Scattering of light by light: experimental status

Scattering of light by light does not occur in the solutions of Maxwell's equations (since they are linear and EM waves obey superposition), but it is a prediction of QED (the most significant Feynman diagrams have a closed loop of four electron propagators).

Has scattering of light by light in vacuum ever been observed, for photons of any energy? If not, how close are we to such an experiment?

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5 Answers

This was demonstrated by "Experiment 144" at SLAC in 1997. Here is a list of publications from that project, for instance "Positron Production in Multiphoton Light-by-Light Scattering", whose abstract reads:

A signal of 106±14 positrons above background has been observed in collisions of a low-emittance 46.6 GeV electron beam with terawatt pulses from a Nd:glass laser at 527 nm wavelength in an experiment at the Final Focus Test Beam at SLAC. The positrons are interpreted as arising from a two-step process in which laser photons are backscattered to GeV energies by the electron beam followed by a collision between the high-energy photon and several laser photons to produce an electron-positron pair. These results are the first laboratory evidence for inelastic light-by-light scattering involving only real photons.

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This is what I was looking for. One interesting aspect is that, since the invariant mass of one backscattered photon and one laser photon is insufficient for pair production, this is actually the reaction 5 (or more) gamma → e+ e- –  Keenan Pepper Nov 27 '10 at 23:14
But this doesn't really answer the original question, since scattering of photons to produce an electron-positron pair makes perfect sense classically. The original question was about the purely quantum process in which two photons scatter into two photons. I'm not sure if it's been observed for "real" photons. –  Matt Reece Nov 28 '10 at 4:52
"Positron Production ..." paper in pdf forma is at e.g. wwwphy.princeton.edu/~kirkmcd/examples/accel/… . Some nice theory is at arxiv.org/pdf/hep-ph/9805507 –  sigoldberg1 Nov 28 '10 at 5:01

I guess you were asking about elastic photon-photon interaction. If that is the case, I remember reading some proposals (and argumentation of feasibility) of experiments using existing laser facilities in:

E. Lundström et al. Using High-Power Lasers for Detection of Elastic Photon-Photon Scattering. Phys. Rev. Lett. 96 no. 8, 083602 (2006). arXiv:hep-ph/0510076

Further references:

J. Lundin et al. Analysis of four-wave mixing of high-power lasers for the detection of elastic photon-photon scattering. Phys. Rev. A 74 no.4, 043821 (2006). arxiv:hep-ph/0606136.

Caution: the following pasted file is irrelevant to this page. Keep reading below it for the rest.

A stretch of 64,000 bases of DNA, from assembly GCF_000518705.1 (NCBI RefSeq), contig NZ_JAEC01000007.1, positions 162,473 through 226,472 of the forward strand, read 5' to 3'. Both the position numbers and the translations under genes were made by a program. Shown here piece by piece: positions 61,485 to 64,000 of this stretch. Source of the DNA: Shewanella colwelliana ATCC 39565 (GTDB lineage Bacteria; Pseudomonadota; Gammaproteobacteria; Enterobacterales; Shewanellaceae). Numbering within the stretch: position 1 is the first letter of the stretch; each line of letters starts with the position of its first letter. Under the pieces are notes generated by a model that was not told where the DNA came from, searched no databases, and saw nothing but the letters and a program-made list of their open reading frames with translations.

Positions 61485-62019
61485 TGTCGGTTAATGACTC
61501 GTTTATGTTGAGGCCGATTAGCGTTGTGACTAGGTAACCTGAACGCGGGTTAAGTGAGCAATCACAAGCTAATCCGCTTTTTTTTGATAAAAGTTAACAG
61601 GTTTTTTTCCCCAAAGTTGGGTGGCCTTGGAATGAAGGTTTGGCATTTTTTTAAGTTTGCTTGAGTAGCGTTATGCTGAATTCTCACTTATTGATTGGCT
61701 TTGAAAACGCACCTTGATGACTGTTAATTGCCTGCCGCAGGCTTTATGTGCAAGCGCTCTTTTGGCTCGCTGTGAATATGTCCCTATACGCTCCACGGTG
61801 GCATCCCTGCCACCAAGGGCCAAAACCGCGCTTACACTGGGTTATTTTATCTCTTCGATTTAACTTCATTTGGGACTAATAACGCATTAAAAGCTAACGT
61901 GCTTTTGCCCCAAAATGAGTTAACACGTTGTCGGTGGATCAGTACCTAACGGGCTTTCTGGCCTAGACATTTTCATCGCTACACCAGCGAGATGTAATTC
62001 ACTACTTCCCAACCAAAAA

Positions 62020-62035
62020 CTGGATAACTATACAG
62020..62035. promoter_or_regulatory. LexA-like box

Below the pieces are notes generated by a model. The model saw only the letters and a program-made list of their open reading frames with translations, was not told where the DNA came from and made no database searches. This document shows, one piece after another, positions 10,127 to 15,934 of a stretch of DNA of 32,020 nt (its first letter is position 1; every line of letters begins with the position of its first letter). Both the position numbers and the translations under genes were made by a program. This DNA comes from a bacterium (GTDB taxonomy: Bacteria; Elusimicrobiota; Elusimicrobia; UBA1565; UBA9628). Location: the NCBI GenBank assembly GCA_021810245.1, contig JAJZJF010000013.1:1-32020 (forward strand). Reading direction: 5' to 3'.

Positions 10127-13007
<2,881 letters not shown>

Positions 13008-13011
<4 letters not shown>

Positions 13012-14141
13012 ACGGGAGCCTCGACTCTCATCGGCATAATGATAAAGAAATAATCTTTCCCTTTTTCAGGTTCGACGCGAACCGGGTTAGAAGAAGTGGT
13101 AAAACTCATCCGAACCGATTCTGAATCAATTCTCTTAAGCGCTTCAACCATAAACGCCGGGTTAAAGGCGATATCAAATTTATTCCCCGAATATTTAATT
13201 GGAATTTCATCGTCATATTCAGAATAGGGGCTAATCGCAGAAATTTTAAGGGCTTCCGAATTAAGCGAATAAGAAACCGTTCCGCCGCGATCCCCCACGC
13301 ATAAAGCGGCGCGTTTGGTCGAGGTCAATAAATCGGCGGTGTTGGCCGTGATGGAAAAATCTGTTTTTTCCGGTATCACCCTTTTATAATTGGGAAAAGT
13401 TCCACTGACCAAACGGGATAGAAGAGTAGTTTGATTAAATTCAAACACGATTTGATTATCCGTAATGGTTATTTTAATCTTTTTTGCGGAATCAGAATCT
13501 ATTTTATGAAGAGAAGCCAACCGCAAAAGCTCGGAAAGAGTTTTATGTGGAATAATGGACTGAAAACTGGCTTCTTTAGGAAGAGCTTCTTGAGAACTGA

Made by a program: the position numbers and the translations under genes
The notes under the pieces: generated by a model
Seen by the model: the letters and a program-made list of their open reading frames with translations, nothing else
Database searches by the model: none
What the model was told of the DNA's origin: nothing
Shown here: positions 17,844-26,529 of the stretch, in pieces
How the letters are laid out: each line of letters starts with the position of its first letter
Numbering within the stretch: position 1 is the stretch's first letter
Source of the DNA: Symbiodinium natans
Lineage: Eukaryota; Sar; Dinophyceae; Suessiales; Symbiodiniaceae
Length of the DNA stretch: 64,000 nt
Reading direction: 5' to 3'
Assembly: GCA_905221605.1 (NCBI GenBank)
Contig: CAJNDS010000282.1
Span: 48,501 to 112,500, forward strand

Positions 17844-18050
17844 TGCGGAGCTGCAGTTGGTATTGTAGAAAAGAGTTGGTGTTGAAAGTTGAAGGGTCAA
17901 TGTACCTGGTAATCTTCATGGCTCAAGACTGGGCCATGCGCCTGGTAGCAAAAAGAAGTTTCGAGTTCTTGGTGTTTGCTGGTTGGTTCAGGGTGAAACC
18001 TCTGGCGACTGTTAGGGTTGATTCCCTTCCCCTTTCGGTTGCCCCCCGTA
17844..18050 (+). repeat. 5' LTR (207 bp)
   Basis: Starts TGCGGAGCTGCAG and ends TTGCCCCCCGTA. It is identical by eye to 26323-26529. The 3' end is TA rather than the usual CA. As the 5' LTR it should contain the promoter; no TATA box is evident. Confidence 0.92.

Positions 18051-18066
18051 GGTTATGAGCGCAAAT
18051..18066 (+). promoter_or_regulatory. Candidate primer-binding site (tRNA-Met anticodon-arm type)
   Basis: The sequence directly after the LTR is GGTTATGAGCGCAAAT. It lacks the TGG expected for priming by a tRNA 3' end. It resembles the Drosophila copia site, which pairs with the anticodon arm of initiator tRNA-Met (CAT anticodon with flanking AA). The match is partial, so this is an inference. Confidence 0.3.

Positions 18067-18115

Stephen D. H. Hsu and Brian M. Murray. Thermal gravity, black holes and cosmological entropy. Phys. Rev. D 73 no.4, 044017. arxiv:hep-th/0512033.

I have no idea if the experiments were really made, but those references are quite cool :)

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I've a vague memory that light-on-light scattering puts an upper limit on the energy of photons that will propagate over cosmic distance scales. So one probe is very high energy gamma astronomy.

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Yes, but that should only put an upper bound on the cross section, right? You can't really use it to show that photon-photon scattering is definitely taking place, can you? –  Keenan Pepper Nov 27 '10 at 22:40
@Keegan. If you see photons above some threshold from "local" phenomena (say our super cluster), and not from far ones and can rule out other processes... –  dmckee Nov 27 '10 at 22:56
Are you thinking of the limit on cosmic ray particle energies due to scattering with the microwave background? This is the "GZK Limit" –  DarenW Nov 29 '10 at 4:47
@DarenW no, but the mechanism is related. Above circa 400 TeV photons can pair produce on the CMB, and while the cross-section is small over cosmic distances it becomes significant. –  dmckee Feb 18 '13 at 20:23

Vacuum magnetic birefringence basically involves the same loop diagram as light-light elastic scattering except that two of the four photons come from a magnet. Detecting this effect is the aim of the PVLAS experiment in Ferrara, Italy. See arXiv:1406.6518 and references within. The experiment is running at the moment but the sensitivity is not good enough yet to detect this fundamental process. We're working on it.

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Long ago as a grad student (1960s) I saw a proposal to use intense fluxes of gamma rays from simultaneously detonated fission bombs (underground) to look for gamma-gamma scattering. I'm sure that the technical requirements would be daunting, not to mention the political problems!

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